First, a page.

Amerindians, therefore, shouldn't be brushed aside as a recent population irrelevant to the question of the origins of modern humans. In "The Genius of Kinship: The Phenomenon of Kinship and the Global Diversity of Kinship Terminologies" (2007) I introduced the idea that, if we take all the interdisciplinary data into account, we can't exclude the possibility that modern humans 1) evolved not from African archaic hominids but from East Asian archaics; 2) speciated into "us" not somewhere in Africa - already populated by archaics - but in a region previously unoccupied by hominids, namely in the New World; and 3) finally, expanded out of their homeland not through the territories thickly occupied by Neandertals (Neandertals did replace "anatomically modern humans" in Southwest Asia, didn't they?) but through the lands sparsely populated by competing hominids. After a bottleneck associated with the speciation event in such a marginal area as America, modern humans migrated back into the Old World, expanded in size, intermixed with each other and replaced hominids on all continents. This model explains the behavioral uniqueness of modern humans better than the other ones. Fig. 1 could, it would seem, be complemented by a third, out of America, model, the paleobiological and archaeological support for which may be up for recovery in the future, while linguistic and ethnological support has been in abundance for a long time.

The traces of "archaic admixture" outside of Africa may, in fact, be traces of common descent from non-African hominids. These genetic findings bring back some of the arguments for regional continuity in Asia that involved such palpable morphological features as shovel-shaped incisors (frequent in Asians, Amerindians and Neandertals) and facial flatness, among others. The divergent position of Africans among modern human populations may be the result of homoplasies with chimp sequences. It seems odd that hominin genomes "waited around" for several million years until modern humans migrated out of Africa to develop mutations from orthologous chimp sequences. We are still missing ancient DNA from "anatomically modern humans" in Africa or from African archaics to ascertain if modern African divergence is indeed that old. Alternatively, African divergence may reflect a greater degree of modern human admixture with African archaics in Africa than with Eurasian archaics in Eurasia. If the degree of divergence reflects the depth of admixture, then the "purest" humans would be found on a continent that has no history of occupation by hominids, namely, again, in the New World.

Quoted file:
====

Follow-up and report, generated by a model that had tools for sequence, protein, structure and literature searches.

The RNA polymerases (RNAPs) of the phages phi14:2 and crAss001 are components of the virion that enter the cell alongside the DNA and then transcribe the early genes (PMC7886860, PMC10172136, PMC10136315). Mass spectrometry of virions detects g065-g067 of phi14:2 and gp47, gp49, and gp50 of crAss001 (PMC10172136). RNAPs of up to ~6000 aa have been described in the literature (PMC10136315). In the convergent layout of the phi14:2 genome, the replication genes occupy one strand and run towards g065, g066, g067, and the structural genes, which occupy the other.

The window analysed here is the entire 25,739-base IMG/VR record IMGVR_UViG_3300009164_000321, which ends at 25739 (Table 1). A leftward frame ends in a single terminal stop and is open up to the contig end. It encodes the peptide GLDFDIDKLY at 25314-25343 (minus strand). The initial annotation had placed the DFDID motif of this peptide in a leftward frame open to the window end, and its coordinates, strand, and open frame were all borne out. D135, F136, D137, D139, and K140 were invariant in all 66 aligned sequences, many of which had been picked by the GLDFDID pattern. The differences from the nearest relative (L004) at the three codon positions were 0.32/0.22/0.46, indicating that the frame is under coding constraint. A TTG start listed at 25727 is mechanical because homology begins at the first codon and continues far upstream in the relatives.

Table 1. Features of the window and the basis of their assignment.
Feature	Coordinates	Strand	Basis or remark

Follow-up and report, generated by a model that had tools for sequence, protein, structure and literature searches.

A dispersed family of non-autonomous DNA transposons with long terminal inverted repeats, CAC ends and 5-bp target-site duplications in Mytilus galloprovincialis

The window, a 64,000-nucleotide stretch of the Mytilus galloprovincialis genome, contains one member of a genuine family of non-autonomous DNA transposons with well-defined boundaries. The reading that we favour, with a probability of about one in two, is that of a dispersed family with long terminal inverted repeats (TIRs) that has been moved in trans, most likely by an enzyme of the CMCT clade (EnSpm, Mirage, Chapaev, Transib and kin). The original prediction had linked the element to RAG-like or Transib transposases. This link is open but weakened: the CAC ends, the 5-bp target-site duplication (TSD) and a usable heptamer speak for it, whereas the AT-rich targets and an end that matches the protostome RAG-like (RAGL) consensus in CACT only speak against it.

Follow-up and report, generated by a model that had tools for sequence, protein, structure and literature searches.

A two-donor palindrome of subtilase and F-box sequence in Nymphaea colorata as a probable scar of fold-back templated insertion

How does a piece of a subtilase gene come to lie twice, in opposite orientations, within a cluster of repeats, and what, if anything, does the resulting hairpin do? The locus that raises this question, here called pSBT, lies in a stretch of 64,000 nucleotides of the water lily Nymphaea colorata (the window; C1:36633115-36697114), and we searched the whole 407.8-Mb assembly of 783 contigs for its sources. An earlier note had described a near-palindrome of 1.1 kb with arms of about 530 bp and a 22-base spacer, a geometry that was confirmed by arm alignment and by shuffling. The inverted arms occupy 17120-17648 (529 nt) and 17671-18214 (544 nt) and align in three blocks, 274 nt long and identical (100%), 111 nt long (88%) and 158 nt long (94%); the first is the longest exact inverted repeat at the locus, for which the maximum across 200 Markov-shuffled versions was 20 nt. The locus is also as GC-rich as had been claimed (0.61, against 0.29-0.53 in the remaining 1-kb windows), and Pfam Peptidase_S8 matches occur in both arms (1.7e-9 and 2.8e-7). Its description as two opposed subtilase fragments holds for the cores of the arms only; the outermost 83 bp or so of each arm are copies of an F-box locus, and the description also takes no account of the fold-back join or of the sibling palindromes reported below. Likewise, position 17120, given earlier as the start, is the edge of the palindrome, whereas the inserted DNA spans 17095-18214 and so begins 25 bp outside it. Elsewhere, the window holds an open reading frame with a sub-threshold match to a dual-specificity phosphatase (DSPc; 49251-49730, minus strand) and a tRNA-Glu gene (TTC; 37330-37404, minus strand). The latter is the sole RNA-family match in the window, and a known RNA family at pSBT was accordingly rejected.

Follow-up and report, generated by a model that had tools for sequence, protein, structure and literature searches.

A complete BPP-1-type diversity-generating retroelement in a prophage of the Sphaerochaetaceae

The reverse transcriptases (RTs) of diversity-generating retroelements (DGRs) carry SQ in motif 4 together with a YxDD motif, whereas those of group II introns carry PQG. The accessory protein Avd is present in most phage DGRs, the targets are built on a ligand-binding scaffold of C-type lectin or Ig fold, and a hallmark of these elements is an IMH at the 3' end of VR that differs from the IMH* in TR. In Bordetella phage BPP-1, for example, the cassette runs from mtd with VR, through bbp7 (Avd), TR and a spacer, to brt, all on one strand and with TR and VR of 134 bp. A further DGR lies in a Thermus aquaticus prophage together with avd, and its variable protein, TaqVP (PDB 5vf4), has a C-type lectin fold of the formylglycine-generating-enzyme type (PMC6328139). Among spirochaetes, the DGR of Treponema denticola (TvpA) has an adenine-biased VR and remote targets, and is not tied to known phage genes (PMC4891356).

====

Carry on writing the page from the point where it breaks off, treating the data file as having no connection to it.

To sum up, Fig. 1 has evolved considerably over the past 10 years, but it still looks like a medieval map on which the New World is missing because unknown yet.

Competing interests